In February 2016 -- ten months before Amri attacked -- investigators in Berlin had even warned Amri that he was under surveillance. A few months later, the surveillance was stopped, for undisclosed reasons. New investigations revealed that "at least" two LKA officers forged documents in the wake of the terror attack to cover up what had been known about Amri's criminal activities. Berlin police had known that Amri was a "commercial-scale drug dealer". This information was part of a file dating from November 1, 2016. In January 2017, however, that file was changed: the document suddenly stated that Amri "might deal with drugs on a miniscule scale". The officers in question are now charged with obstruction of justice.
The big picture is troubling. "Wherever you look," said FDP spokesman Luthe, "whether it is terrorism, the 15% increase in crime since 2011, the lowest percentage of cases solved, areas with open drug dealing, or now the police academy -- the Police Chief fails miserably."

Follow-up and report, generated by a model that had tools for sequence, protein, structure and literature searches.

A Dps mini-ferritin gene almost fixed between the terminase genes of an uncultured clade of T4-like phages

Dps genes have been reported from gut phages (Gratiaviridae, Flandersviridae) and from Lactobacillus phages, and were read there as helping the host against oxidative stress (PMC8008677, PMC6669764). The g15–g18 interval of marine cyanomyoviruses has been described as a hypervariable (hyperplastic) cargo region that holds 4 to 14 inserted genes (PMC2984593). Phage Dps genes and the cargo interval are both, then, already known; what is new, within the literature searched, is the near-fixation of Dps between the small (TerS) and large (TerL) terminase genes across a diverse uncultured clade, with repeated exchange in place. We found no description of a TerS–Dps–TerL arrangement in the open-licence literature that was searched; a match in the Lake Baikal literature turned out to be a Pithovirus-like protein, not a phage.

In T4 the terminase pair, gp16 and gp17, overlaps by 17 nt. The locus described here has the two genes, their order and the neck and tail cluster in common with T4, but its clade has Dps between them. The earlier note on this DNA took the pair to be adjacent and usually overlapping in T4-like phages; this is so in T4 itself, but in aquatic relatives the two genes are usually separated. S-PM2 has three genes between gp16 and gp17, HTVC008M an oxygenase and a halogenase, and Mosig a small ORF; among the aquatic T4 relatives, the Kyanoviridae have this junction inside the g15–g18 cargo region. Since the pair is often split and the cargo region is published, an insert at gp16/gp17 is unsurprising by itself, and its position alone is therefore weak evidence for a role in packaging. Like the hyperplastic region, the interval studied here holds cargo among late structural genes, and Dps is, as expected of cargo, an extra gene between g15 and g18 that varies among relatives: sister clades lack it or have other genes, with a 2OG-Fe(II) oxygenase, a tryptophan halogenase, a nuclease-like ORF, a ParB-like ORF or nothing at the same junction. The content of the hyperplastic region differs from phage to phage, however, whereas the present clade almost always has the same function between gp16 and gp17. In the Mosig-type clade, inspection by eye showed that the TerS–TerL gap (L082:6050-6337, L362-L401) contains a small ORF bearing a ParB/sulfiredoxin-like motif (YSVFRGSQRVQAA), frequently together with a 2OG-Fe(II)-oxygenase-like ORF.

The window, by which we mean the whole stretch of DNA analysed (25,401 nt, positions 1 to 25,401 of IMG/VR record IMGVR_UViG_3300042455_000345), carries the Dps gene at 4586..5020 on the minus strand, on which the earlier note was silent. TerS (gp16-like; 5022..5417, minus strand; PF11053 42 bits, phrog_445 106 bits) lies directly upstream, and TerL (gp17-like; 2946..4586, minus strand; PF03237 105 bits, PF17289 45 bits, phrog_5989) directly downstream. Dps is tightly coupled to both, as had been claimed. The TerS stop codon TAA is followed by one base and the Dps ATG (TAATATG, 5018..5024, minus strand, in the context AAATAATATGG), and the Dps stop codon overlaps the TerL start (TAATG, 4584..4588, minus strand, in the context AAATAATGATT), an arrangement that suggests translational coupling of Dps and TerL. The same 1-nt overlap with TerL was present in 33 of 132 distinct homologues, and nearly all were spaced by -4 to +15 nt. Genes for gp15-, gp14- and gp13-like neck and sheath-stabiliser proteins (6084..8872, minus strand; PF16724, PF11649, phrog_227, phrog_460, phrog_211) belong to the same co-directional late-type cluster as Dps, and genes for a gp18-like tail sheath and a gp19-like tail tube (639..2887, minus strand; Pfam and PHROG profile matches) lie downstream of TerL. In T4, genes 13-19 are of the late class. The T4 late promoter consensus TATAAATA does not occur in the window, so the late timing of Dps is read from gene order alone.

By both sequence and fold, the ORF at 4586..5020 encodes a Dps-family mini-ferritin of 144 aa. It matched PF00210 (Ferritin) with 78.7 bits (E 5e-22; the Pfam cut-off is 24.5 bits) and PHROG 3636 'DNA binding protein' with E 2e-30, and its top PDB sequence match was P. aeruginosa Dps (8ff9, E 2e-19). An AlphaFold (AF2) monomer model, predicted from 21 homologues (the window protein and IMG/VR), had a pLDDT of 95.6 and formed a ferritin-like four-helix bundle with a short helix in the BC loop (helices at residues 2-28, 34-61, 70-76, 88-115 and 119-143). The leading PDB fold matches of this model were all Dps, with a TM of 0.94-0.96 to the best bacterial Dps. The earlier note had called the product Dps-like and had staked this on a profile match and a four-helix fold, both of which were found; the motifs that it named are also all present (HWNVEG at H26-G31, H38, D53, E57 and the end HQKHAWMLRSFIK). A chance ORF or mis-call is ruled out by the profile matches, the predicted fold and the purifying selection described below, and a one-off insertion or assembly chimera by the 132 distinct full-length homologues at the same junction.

(Photo by Carsten Koall/Getty Images)
In light of the Anis Amri scandal, no one should be surprised if the disclosures of malfeasance in Berlin's police academy and criminal moles copying secret police data are just the tip of an iceberg. In Berlin's state parliament, the FDP and the anti-immigration party Alternative for Germany have called for a committee of inquiry, but have failed to reach the threshold of 25% of MPs needed to establish it. The Christian Democrats (CDU) are hesitating, while Berlin's ruling coalition of Social Democrats (SPD), former Communists (Linke) and Green party are against any further investigations. Torsten Akmann (SPD), Berlin's Secretary of the Interior, says: "That would be like shooting sparrows with a cannon."
One year after the Berlin Christmas market massacre, Germans need to be concerned about the state of their police forces, as well as the politicians who are supposed to be overseeing law enforcement.
Stefan Frank is a journalist and author based in Germany.